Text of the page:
A lesson in checking, double-checking and then triple-checking your bearings.
While I’d briefly misplaced the trail several times by the end of Week 1, the overgrown Yourambulla Range left me completely befuddled. The view from on top of Jervis Hill was bewildering, but so, as it turned out, was locating the markers hidden amongst the sierra’s dense undergrowth. Day 7 served as a harsh reminder to always pay attention.
Heysen Trail Diary – Day 7
My time in Hawker was almost entirely spent refuelling my stomach. I stuffed my face with cake, chocolate, an egg and bacon roll, a kumquat pie (a local delicacy) and a heavenly chicken schnitzel from the Hawker Hotel Motel. My belly had never been so full of guilt-free calories. After six days of arduous hiking, my physique had begun to wither, and, honestly, I didn’t have that much excess weight to lose. I needed to eat as much as possible so I didn’t completely disappear.
Much to my delight and eternal gratitude, my mates Jodie and Lewis delivered a newer, much sturdier 3L water bladder at the end of Day 6. My previous container, which had caused headaches (and severe thirst) since Day 1, was ceremoniously dumped in the bin. I could now carry enough water to keep me hydrated throughout each day; one less thing to worry about.
I began Day 7 backtracking along The Outback Highway to where the trail split from the wilderness, and continued my journey toward the billowing Yourambulla Range.
The labour-intensive climb to Jervis Hill included some of the most difficult terrain I’d encountered so far on the Heysen Trail. This time-consuming stretch, coupled with an extended breakfast break in Hawker, meant my schedule was pushed to its limits. But, nothing in the world would make me rush these phenomenal panoramic views.
The Jervis Hill lookout was the perfect place to stop and reflect on how far I’d come over the past week, both physically and mentally. From the top, I could identify the ranges I’d transversed some days earlier; a truly contemplative sight.
The Yourambulla Range was populated in ancient times by the Adnyamantha people. They are responsible for a series of well-preserved cave paintings at the southern end of the range, about 6 kilometres south of the Heysen Trail.
Heysen Trail Map Sheet 7
I could have ogled that sweeping view for hours, but the sun had already begun to dip and I still had several kilometres of dense bushland to navigate. I packed up my camera equipment, threw my bulky bag over my shoulders and renewed my assault on the scrub-filled range.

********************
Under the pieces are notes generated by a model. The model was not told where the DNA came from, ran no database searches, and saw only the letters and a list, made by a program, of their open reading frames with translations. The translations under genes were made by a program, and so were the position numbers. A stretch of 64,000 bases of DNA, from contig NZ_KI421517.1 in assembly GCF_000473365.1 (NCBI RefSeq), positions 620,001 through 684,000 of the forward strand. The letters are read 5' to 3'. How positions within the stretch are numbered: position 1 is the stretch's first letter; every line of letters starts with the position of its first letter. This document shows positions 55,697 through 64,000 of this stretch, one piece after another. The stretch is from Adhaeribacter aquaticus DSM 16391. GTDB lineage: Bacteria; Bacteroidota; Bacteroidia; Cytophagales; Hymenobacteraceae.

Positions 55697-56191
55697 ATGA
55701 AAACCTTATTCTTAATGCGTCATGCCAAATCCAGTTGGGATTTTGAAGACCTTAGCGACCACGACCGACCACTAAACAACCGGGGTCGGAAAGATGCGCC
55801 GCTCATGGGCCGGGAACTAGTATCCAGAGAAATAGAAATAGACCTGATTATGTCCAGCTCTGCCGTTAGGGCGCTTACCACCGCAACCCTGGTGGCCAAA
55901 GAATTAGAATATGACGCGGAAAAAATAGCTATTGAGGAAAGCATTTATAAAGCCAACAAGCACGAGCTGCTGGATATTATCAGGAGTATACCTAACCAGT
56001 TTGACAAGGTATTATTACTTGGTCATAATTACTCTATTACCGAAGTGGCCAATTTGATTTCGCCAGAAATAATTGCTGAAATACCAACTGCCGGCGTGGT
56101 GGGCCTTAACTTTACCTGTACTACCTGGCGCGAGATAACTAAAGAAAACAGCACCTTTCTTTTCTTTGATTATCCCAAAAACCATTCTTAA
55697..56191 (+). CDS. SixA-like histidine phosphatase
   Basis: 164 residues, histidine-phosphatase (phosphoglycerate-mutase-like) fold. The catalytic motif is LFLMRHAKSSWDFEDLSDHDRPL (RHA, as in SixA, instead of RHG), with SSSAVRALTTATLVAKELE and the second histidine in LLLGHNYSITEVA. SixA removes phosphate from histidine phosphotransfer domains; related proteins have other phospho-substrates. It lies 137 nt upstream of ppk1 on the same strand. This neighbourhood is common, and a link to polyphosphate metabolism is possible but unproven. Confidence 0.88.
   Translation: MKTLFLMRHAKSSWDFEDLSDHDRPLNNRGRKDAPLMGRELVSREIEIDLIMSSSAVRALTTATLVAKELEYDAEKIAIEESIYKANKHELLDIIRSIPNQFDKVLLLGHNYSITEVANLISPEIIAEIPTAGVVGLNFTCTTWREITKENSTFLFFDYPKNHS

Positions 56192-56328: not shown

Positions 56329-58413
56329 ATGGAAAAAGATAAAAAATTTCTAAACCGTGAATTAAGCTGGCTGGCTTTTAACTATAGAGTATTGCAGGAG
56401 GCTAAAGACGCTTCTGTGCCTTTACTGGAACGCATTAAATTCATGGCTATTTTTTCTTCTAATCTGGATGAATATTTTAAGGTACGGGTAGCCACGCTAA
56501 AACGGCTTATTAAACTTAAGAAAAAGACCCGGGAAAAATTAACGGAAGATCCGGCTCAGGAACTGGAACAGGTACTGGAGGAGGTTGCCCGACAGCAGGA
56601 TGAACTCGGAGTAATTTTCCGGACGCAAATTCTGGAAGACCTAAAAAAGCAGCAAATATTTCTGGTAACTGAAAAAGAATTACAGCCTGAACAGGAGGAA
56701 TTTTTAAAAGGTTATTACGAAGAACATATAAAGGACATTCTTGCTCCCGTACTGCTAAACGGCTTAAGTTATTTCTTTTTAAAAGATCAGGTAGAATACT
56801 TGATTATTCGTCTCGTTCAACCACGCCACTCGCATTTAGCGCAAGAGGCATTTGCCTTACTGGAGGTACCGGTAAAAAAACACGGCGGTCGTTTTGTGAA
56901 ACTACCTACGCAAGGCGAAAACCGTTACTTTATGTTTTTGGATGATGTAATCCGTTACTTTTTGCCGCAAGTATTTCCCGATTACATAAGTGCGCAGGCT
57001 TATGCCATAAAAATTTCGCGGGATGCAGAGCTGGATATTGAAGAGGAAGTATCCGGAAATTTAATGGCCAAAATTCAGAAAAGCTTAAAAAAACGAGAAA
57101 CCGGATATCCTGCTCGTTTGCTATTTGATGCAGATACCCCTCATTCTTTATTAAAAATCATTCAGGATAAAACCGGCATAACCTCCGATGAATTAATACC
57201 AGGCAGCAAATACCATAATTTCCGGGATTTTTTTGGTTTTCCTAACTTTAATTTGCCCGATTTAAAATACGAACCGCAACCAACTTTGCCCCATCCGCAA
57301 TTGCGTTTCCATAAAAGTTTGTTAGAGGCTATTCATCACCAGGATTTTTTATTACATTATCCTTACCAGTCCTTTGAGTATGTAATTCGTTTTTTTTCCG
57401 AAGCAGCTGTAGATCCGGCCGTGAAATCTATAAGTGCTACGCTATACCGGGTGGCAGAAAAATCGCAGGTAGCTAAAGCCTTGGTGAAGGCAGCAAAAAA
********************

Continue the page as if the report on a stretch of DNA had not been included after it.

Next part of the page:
The trail markers had become increasingly difficult to spot as they scattered themselves amongst the unruly terrain. I was so focused on chewing through quick kilometres that I’d forgotten to scan for the correct direction. I mean, how can you get lost on a straight range, right?
After an hour of vigorous bush bashing, I arrived at a clearing and immediately realised my boots had strayed from the track. I knew the trail continued down the east side of the range and down onto a dirt road; I, however, had unwittingly wandered into a dead-end on a separate westerly ridge.
By the time I found my way back to the trail, the sun had already nestled on the horizon and I still had half a day’s walk from my intended campsite. Due to the weight of my replenished rucksack and my energy stores being absorbed by condensed scrub, I could barely go on. Fortunately, another clearing at Mt Elm School Campsite was a short distance up the track. Reluctantly, I decided to shorten my adventure on Day 7 and consequently lengthen Day 8’s trek to a daunting 35 kilometres.
All the details.
Trail distance covered
The region has hot dry summers with cool to cold nights and cool, wet winters. Autumn and spring can be warm and mild with occasional periods of rain or showers.
The climb up and over Jervis Hill more than made up for the two flat days since leaving Wilpena Pound. While the distance may not be far, give yourself plenty of time to navigate this dense region.